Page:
Smaller firms understand this better than large ones. They know they can’t hire top university graduates by the hundreds, the way the big consultancy firms or city institutions can. It’s necessary for them to look on the fringes, to find the not-so-obvious prospects that others overlook.

Consider the high-tech pioneers who developed the Netscape browser, the early Apple Macintosh computers, the Pixar movie studio and Adobe Corp’s Acrobat and Photoshop software. All four individuals studied computer graphics at the relatively obscure University of Utah, and all had somewhat erratic prior work histories. But their professor, David Evans, was convinced that if he could find restless spirits who were looking to get to the frontiers of knowledge – in whatever field would have them – he would stand a better chance of happening on geniuses.

Time proved him right. Not only did he discover an extraordinary number in his own right; his proteges went on to apply the same methods in building their companies. When Pixar picked a down-on-his-luck Hollywood outcast, Brad Bird, to direct one of its most ambitious movies, The Incredibles, the animation studio took a chance that paid off richly. The Incredibles became one of the 50 most successful films of all time at the box office, while also winning fleets of awards for its creativity. If Pixar had played it safe, such success might never have happened.

Can they listen? Can you?

Too often in top business circles, listening is regarded as a weakling’s trait. All the glory belongs to the presenters on brightly lit stages, projecting their ideas and energy onto an audience full of acolytes. Start seeing the world that way and new encounters become tinged with an unhelpful desire to dominate the conversation.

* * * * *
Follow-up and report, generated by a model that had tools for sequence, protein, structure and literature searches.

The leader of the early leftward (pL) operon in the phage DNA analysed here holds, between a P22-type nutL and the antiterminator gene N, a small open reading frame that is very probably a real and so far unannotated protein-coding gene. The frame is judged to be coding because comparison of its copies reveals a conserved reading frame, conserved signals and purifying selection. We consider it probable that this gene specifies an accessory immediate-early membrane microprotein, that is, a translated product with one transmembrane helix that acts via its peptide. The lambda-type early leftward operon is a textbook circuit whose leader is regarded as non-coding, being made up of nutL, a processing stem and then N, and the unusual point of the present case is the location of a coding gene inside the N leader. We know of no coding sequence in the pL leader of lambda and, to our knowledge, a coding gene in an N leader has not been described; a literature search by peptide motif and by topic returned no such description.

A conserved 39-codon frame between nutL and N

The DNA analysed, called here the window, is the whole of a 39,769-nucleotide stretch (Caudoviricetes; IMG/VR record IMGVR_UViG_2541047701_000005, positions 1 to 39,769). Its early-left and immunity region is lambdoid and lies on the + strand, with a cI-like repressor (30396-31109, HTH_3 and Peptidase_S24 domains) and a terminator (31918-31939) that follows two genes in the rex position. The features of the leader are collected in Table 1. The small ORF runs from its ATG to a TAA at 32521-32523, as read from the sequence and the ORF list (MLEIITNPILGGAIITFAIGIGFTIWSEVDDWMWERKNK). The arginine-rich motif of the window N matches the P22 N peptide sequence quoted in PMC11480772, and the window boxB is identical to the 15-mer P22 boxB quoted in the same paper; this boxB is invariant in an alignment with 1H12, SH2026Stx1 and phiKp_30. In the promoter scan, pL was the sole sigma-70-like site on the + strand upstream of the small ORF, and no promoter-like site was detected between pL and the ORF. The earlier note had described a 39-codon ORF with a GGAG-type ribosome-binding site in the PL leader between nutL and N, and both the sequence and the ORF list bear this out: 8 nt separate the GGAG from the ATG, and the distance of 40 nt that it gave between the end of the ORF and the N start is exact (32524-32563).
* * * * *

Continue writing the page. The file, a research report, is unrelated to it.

By contrast, aggressive listeners gain authority by being incredibly attentive to other people. These experts catch the gestures, pauses and inflections that hint at something beyond the words being said. Shrewd politicians know this. There’s a saying in Washington – and probably in London, Paris, Delhi and Beijing too: “The most important thing a man has to tell you is what he’s not telling you.”

Listening isn’t just a prime virtue in candidates – top-flight talent-spotters are also great listeners, combining persistence, patience and politeness as they keep probing for hidden insights.

In the boardroom, such skills can seem as rare and mysterious as an ability to speak with the dead. Little wonder, then, that directors often feel more comfortable asking outsiders to help, rather than trying to master these dark arts themselves.

Have the courage to ask: ‘What can go right?’

There’s always a downside to every decision, so it’s never hard to think about what might go wrong. But it’s the upside that has the potential to deliver real benefits, so try to focus on what might go right instead.

** – George Anders is the author of The Rare Find: spotting exceptional talent before everyone else (Penguin )

SIDE BAR: DECODING THE JAGGED CV 

CVs with missing years, stumbles and limited experience are increasingly common in the current weak economy. Some organisations simply refuse to consider such candidates, but history suggests that the best of them can be surprisingly strong. Here’s how to spot the jagged CVs that are worth a second look …

Compromise on experience, not on character

Strong organisations know that it’s relatively easy to help good recruits gain necessary on-the-job experience. It’s almost impossible to wash away character defects.

Be alert to hidden virtues such as resilience

In fields as diverse as finance, teaching and military service, I found that the ability to bounce back from setbacks had more to do with long-term success than almost any other trait. Most CVs are prepared as if momentary defeats are shameful and should be hidden. Turn that prejudice inside out; a momentary loser may work harder and smarter than anyone else to avoid any further defeats.

Know when to read a CV upside-down

This is a clever tactic that Google employs. To find exceptional people, don’t look exclusively at their work history and university performance. Consider, too, who has set a world record, written three books or raised a million pounds to fight cancer. Such passions may transfer into the business areas that matter most to you.